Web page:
Publications by authors named "J A Grotenhuis"

117 Publications

Prediction Models in Aneurysmal Subarachnoid Hemorrhage: Forecasting Clinical Outcome With Artificial Intelligence.

Neurosurgery 2021 Apr;88(5):E427-E434

Department of Neurosurgery, Radboud University Medical Center, Nijmegen, the Netherlands.

Background: Predicting outcome after aneurysmal subarachnoid hemorrhage (aSAH) is known to be challenging and complex. Machine learning approaches, of which feedforward artificial neural networks (ffANNs) are the most widely used, could contribute to the patient-specific outcome prediction.

Objective: To investigate the prediction capacity of an ffANN for the patient-specific clinical outcome and the occurrence of delayed cerebral ischemia (DCI) and compare those results with the predictions of 2 internationally used scoring systems.

Methods: A prospective database was used to predict (1) death during hospitalization (ie, mortality) (n = 451), (2) unfavorable modified Rankin Scale (mRS) at 6 mo (n = 413), and (3) the occurrence of DCI (n = 362). Additionally, the predictive capacities of the ffANN were compared to those of Subarachnoid Haemorrhage International Trialists (SAHIT) and VASOGRADE to predict clinical outcome and occurrence of DCI.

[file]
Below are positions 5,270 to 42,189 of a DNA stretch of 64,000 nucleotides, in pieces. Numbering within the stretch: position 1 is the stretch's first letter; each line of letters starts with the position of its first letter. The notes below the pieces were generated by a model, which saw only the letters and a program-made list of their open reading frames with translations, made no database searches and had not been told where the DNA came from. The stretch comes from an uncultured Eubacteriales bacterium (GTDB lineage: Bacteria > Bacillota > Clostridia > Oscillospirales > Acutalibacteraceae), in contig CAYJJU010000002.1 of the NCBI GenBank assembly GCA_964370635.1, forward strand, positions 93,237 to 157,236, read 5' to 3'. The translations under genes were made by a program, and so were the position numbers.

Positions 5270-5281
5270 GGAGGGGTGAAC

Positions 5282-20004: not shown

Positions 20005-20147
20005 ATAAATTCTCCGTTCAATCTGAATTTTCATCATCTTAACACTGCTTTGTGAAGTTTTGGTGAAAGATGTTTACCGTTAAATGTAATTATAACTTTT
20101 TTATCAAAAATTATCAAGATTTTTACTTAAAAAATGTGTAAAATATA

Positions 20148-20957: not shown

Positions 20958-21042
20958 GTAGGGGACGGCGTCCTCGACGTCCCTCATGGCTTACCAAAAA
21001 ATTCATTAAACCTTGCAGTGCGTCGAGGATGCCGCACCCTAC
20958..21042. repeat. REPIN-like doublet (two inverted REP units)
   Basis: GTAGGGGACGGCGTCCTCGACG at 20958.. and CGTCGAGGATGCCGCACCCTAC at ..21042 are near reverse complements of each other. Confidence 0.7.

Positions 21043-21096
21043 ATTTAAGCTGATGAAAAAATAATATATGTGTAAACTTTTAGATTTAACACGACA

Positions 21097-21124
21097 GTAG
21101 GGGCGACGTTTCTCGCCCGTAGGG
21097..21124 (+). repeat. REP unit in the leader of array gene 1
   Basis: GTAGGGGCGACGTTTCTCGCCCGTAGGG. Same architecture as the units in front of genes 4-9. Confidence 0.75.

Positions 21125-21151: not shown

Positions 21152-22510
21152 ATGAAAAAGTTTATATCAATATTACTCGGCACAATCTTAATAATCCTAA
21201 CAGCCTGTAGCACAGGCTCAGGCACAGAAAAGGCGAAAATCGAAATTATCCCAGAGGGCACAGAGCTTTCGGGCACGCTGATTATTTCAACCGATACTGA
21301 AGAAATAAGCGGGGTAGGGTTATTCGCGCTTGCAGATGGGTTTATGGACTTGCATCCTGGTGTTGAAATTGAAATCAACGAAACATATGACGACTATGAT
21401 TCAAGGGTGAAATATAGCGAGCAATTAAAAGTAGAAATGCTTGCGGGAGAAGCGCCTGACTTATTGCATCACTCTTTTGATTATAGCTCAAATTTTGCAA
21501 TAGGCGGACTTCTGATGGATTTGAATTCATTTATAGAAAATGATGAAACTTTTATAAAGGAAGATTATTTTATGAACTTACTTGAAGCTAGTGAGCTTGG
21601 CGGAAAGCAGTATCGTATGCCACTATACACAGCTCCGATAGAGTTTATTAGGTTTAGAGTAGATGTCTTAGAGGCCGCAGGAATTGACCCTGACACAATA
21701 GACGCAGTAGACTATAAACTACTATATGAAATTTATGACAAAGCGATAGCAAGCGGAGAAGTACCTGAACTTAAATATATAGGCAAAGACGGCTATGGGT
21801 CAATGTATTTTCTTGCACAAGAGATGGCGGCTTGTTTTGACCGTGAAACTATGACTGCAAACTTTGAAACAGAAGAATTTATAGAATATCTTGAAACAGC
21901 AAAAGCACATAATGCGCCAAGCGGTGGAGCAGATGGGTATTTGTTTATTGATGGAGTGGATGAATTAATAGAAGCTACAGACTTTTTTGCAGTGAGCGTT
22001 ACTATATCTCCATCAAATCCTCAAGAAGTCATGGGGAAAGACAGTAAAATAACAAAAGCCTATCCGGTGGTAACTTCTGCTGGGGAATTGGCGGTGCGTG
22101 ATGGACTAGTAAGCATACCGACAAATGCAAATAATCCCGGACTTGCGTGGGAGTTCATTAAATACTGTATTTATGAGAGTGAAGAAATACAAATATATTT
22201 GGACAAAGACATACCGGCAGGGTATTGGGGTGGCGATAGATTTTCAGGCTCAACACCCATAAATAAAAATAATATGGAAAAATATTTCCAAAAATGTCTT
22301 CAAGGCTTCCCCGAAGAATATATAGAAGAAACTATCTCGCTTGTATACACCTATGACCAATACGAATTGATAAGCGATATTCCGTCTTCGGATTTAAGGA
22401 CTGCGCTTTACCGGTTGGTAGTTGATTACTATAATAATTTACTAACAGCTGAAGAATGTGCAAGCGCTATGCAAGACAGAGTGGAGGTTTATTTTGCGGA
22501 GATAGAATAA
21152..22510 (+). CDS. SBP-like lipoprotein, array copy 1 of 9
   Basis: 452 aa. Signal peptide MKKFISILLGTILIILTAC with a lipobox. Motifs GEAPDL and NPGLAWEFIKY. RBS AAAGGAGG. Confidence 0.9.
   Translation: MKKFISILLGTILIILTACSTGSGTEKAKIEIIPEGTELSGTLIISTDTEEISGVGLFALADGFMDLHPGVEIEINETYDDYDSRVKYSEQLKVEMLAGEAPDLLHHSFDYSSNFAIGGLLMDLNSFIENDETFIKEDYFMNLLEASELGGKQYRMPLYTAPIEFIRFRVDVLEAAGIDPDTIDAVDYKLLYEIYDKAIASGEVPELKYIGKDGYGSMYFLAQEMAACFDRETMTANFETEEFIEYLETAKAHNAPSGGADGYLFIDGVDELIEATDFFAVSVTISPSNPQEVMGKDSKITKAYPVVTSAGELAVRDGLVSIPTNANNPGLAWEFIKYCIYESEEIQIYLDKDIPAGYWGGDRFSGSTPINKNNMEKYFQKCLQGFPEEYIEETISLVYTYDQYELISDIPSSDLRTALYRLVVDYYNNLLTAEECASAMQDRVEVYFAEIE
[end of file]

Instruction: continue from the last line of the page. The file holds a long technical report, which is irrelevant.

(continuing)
Results: The area under the curve (AUC) of the ffANN showed to be 88%, 85%, and 72% for predicting mortality, an unfavorable mRS, and the occurrence of DCI, respectively. Sensitivity/specificity rates of the ffANN for mortality, unfavorable mRS, and the occurrence of DCI were 82%/80%, 94%/80%, and 74%/68%. The ffANN and SAHIT calculator showed similar AUCs for predicting personalized outcome. The presented ffANN and VASOGRADE were found to perform equally with regard to personalized prediction of occurrence of DCI.

Conclusion: The presented ffANN showed equal performance when compared with VASOGRADE and SAHIT scoring systems while using less individual cases. The web interface launched simultaneously with the publication of this manuscript allows for usage of the ffANN-based prediction tool for individual data (https://nutshell-tool.com/).
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http://dx.doi.org/10.1093/neuros/nyaa581DOI Listing
April 2021

Predatory journals: temporary inconvenience or permanent disruption?

Acta Neurochir (Wien) 2021 Jan 12. Epub 2021 Jan 12.

Radboud University Medical Centre, Nijmegen, The Netherlands.

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http://dx.doi.org/10.1007/s00701-020-04685-zDOI Listing
January 2021

Predatory publishing and journals: it's ubiquitous!